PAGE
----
Gene’s boots stood on the floor beside the table, a significant reminder of the links between feet and peace heard in the Isaiah 52:7 and Ephesians 6:10-18 texts that were read, and surely all the places he had walked for peace, and maybe even the “fus” (foot) in his name! And they danced once more in the hands of Dorothy while we sang “We are marching in the light of God.” (This was a joyous, spontaneous moment, even sacred it seems to me, which she has given me permission to include.)
I didn’t know Gene Stoltzfus personally. My connection was through Dorothy, with whom I’d been in a writers’ group at one time (including a memorable writing weekend at their cabin on the lake), and I also went as companion on the four-hour drive from Winnipeg to Emo, and back, for Sarah Klassen, a friend of the couple. As I participated in the service, ate ice-cream and chocolate (his favourite foods), and listened to the stories in the sharing circle that followed, however, I felt myself touched by his life and spirit.
Peace work may seem very grim, because conflicts and war can be so grim, but the words I heard in reference to Gene over and over were inspiring and instructive for their quite different perspective: “laughter,” “prayer,” and “Santa Claus.”
And speaking of Santa Claus, here’s one story read at the service that’s simply delightful, taken from his December 22, 2009 blog post, called “Why I like Santa Claus.”
One time I visited Toys R Us dressed like Santa and accompanied by a team of elves. It was a few days after Christmas so the symbolism was still solidly implanted in people’s brains. I entered the store with my staff of elves and immediately requested the manager to remove violent war toys from his shelves. I explained to him how dangerous the toys were and that I had determined that the bad toys must be permanently removed for the safety of children. He replied that what was on his shelves was not my business to which I replied that toys are always my business.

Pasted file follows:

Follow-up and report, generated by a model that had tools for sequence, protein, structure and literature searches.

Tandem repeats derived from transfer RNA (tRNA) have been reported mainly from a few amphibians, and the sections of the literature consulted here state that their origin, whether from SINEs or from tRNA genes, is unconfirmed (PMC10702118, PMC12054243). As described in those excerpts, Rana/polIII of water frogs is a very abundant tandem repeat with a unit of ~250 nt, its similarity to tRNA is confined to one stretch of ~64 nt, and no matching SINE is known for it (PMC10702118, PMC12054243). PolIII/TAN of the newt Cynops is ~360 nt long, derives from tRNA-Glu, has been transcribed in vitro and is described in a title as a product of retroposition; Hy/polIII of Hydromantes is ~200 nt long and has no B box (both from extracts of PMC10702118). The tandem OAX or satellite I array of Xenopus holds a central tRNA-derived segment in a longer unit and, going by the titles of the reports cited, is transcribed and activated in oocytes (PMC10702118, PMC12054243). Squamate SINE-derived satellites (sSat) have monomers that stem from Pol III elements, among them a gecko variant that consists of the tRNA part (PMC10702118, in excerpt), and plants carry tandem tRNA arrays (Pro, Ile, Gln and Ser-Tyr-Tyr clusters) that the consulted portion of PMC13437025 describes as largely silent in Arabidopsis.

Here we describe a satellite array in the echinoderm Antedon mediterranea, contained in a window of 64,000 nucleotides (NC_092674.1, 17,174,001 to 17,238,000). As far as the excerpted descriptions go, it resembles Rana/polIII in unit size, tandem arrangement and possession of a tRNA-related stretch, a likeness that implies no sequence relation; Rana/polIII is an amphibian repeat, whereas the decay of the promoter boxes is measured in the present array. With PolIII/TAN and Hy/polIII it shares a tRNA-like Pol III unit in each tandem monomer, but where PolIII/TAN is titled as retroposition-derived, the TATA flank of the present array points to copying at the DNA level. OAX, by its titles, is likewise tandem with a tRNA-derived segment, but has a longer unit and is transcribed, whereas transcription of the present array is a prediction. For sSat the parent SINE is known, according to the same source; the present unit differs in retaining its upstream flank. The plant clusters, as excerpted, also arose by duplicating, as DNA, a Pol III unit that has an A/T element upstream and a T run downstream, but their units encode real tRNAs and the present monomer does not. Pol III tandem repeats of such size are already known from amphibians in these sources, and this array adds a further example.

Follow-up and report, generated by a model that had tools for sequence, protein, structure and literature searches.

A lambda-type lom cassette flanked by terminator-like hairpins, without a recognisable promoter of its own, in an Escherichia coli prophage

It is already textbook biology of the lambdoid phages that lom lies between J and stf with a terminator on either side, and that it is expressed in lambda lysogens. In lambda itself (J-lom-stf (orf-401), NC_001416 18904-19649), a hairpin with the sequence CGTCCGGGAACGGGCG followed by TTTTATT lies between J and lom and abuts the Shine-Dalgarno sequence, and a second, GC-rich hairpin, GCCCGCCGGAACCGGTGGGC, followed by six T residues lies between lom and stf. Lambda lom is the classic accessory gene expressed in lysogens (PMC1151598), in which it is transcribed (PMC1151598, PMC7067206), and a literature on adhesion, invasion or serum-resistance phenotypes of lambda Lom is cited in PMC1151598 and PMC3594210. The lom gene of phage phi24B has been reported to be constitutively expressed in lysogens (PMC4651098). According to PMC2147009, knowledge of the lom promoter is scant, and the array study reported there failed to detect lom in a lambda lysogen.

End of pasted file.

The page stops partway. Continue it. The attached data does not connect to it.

We then used the shopping carts to load assorted dangerous toys from throughout the store that my staff of elves had marked for removal. By that time the police had decided to intervene to stop what they called a disturbance but what we designated a recall. TV cameras were also present. I informed the police that my staff and I would leave the store as soon as we had completed our work. The police threatened arrest. We had a quick staff meeting, elves and Santa, and judged that the police would never arrest Santa or his staff. We were right, however the police blocked our progress as we pushed our carts from aisle to aisle and finally into the backroom where we instructed the workers to hold toys for pick up by United Postal Service and prompt shipment to my workshop.
So you see Santa can be firm and hard nosed. That is why hard nosed adults should put Santa Claus and his ancient partner Saint Nicholas back into the holiday season!
Gene Stoltzfus didn’t die a martyr’s death, but he is now one of those people of the past who “thought there were things worth living and dying for.” And, as he advised we do with such people of the past, it will be good for us to occasionally “check in with” him, through his writings and stories.